What’s A Slub, Anyway?

November 21, 2016

What’s a Slub, Anyway?

Perfection has never been cool. Classical sculpture used contrapposto poses to imply a casualness (a coolness?) that rigid symmetry cannot capture. In modern dress, some of us embrace imperfection with a little wear and tear–a frayed collar or cuff, some whiskers on our denim, some repair work. But a slubby fabric has its imperfection baked right in. 

Slubby fabric’s imperfection–it looks and feels uneven, with raised lumps or bumps on the surface–comes from faults in the thread used to weave the fabric. A perfectly smooth woven will have an even texture, whether the weave is textured or complex, like a royal oxford, so long as it’s made from technically near-perfect thread of even thickness. A thread in a slubby fabric, on the other hand, will vary in thickness along its length just enough so that when a loom slips it over and under the other threads in the fabric, it stands out a little bit. Woven fabrics have warp (vertical) and weft (horizontal) threads, and slubs can appear in either or both–a denim like the one shown above uses slubby thread for the warp but not the weft. Other fabrics will look less “striped” and more nubby.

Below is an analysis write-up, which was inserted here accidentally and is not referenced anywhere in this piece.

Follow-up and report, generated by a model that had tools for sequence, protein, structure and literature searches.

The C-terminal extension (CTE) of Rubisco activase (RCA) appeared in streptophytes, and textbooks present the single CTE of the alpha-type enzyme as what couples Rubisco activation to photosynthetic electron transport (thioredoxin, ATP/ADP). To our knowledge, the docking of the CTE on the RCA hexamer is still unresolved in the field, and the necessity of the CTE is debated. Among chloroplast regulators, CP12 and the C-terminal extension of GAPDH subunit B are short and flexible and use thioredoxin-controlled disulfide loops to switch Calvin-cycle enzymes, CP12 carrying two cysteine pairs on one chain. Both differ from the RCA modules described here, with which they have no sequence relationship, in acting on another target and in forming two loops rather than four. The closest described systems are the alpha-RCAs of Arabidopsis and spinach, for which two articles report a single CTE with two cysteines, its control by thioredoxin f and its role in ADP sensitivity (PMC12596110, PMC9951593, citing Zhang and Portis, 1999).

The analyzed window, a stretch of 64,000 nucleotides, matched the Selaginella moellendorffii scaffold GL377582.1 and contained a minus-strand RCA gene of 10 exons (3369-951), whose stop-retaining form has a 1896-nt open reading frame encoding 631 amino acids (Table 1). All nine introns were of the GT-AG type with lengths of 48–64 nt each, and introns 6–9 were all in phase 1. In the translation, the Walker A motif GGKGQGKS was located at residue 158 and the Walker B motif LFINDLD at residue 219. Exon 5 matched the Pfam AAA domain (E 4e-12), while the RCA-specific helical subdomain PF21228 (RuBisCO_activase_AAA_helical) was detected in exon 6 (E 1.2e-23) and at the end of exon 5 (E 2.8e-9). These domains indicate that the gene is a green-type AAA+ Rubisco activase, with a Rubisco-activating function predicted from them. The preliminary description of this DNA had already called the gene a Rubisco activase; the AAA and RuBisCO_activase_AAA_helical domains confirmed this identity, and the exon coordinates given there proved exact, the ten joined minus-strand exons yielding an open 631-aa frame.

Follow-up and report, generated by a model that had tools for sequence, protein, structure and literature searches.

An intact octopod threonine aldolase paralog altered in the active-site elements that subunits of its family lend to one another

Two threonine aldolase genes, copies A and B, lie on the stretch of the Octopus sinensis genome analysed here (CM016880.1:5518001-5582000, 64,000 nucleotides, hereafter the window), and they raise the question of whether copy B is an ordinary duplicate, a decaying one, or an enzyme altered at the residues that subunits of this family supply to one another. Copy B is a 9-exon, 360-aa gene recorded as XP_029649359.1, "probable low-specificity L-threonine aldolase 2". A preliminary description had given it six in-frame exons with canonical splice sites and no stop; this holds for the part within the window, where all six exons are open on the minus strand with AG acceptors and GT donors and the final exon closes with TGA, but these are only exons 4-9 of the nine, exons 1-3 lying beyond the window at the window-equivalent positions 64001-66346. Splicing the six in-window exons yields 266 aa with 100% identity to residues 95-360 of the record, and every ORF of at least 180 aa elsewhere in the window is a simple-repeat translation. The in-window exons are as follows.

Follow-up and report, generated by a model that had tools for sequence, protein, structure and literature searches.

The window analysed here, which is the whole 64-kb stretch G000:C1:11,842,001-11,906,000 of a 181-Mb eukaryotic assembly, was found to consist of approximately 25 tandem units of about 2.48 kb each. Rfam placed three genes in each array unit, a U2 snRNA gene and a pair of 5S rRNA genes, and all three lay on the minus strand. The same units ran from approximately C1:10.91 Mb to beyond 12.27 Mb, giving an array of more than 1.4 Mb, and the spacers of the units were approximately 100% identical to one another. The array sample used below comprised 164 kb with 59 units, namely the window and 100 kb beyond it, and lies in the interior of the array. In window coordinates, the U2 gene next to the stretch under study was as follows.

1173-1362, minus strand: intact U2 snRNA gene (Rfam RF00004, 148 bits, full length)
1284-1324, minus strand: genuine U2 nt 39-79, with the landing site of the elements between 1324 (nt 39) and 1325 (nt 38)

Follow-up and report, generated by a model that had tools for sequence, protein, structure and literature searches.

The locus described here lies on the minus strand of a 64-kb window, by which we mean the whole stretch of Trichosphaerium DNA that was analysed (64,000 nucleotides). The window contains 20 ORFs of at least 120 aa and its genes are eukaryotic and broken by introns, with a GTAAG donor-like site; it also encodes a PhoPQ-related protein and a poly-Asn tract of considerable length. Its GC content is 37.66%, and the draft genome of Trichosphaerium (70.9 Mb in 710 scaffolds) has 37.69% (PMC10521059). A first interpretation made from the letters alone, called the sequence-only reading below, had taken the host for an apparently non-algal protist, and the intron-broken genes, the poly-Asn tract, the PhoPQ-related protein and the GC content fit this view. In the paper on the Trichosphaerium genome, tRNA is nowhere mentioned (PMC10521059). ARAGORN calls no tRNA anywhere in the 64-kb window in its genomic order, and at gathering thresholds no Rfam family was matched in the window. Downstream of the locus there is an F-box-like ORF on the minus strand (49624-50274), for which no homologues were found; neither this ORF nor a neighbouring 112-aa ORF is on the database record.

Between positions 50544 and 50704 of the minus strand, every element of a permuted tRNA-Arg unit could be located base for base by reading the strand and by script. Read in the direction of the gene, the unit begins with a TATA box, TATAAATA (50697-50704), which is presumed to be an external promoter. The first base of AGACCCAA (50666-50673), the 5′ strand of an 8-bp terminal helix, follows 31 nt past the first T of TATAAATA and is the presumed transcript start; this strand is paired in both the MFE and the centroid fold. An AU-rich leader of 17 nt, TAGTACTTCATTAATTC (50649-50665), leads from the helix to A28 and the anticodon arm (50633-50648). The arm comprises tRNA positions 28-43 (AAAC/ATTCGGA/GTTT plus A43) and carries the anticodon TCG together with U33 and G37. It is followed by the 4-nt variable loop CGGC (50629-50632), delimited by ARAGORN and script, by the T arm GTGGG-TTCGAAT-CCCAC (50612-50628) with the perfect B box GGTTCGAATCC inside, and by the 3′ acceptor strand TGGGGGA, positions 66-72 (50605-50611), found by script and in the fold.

Almost any woven fabric can be slubby, but the primary places you see it nowadays in clothing are in denim or in silk items, like ties. (There’s a lot in home textiles, like curtains or upholstery, for the same reasons–it adds a nice texture to otherwise somewhat plain, monochromatic fabrics. Also, linen traditionally has some slubbiness and is used in home applications a lot. Lastly, slubs can hide wear and tear.) That said, a good slub can add a nice textural dimension to heavier fabrics and even tailoring or outerwear.

Lead photo via Heddels, which has a lot of good information and photos on slubby denim.

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